Federer: Wimbledon's all-white clothing enforcement "too strict"
LONDON (AP) -- Roger Federer says Wimbledon's tighter enforcement of its all-white clothing policy for players is ''too strict.''
There have been complaints this year from some players over the more stringent regulations that include undergarments, the amount of colored trim on shirts and shorts and headbands and wristbands.
Seven-time champion Federer, who was last year told not to wear running shoes with orange soles, said after his quarterfinal win Wednesday that photographs of past champions such as Stefan Edberg and Boris Becker show that ''there was some colors.''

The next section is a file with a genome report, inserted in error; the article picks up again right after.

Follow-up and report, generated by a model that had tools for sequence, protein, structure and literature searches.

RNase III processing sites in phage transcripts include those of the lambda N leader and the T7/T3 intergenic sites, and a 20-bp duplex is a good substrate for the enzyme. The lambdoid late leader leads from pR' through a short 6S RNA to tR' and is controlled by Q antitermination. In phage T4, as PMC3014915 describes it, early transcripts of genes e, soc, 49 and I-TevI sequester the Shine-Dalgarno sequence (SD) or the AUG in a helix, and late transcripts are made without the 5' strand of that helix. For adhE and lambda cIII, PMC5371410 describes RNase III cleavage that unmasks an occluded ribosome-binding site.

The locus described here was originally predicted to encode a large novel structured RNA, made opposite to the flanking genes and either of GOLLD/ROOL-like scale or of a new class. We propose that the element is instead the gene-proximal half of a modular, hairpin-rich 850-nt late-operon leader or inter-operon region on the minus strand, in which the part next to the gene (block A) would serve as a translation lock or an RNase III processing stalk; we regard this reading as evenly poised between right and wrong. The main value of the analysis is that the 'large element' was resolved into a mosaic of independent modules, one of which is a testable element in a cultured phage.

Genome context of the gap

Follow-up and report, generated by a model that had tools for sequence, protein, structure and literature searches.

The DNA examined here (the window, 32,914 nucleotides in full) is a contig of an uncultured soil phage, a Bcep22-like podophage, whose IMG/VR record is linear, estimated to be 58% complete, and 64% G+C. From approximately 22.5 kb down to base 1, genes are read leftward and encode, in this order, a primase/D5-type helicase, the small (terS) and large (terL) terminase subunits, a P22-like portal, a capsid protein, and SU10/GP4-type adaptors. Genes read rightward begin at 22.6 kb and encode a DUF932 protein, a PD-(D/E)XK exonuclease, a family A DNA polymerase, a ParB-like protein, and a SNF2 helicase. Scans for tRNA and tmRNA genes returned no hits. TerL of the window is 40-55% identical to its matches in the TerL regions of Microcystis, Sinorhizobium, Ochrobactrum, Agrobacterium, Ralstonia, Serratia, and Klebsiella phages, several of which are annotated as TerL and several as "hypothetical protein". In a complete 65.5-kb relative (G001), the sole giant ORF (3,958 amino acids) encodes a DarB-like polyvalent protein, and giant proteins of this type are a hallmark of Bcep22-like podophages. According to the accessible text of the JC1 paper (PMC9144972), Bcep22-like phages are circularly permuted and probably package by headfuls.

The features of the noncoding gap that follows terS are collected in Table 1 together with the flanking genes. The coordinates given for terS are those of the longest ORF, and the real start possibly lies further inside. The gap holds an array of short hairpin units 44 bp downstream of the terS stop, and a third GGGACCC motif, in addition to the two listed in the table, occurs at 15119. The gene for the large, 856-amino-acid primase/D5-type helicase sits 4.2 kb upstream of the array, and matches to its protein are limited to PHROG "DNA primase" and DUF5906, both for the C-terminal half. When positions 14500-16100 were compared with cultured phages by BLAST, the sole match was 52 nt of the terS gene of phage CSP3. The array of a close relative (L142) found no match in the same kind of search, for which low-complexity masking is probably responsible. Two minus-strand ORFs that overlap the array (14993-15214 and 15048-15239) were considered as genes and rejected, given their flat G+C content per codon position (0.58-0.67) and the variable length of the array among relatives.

All England Club chief executive Richard Lewis said in a statement provided by a club spokesman that ''the rule is almost entirely in white.''
''We felt the time was right to make accessories such as undergarments, headbands and wristbands consistent with the policy we were applying to the shirts, shorts and socks,'' Lewis added.
Federer said he hopes Wimbledon might be less rigid with the all-white clothing rules in the future.
''My personal opinion, I think it's too strict,'' he said. ''But I respect. I understand. Maybe one day they'll loosen up the grip again a bit, but that's the time we go through right now. ''
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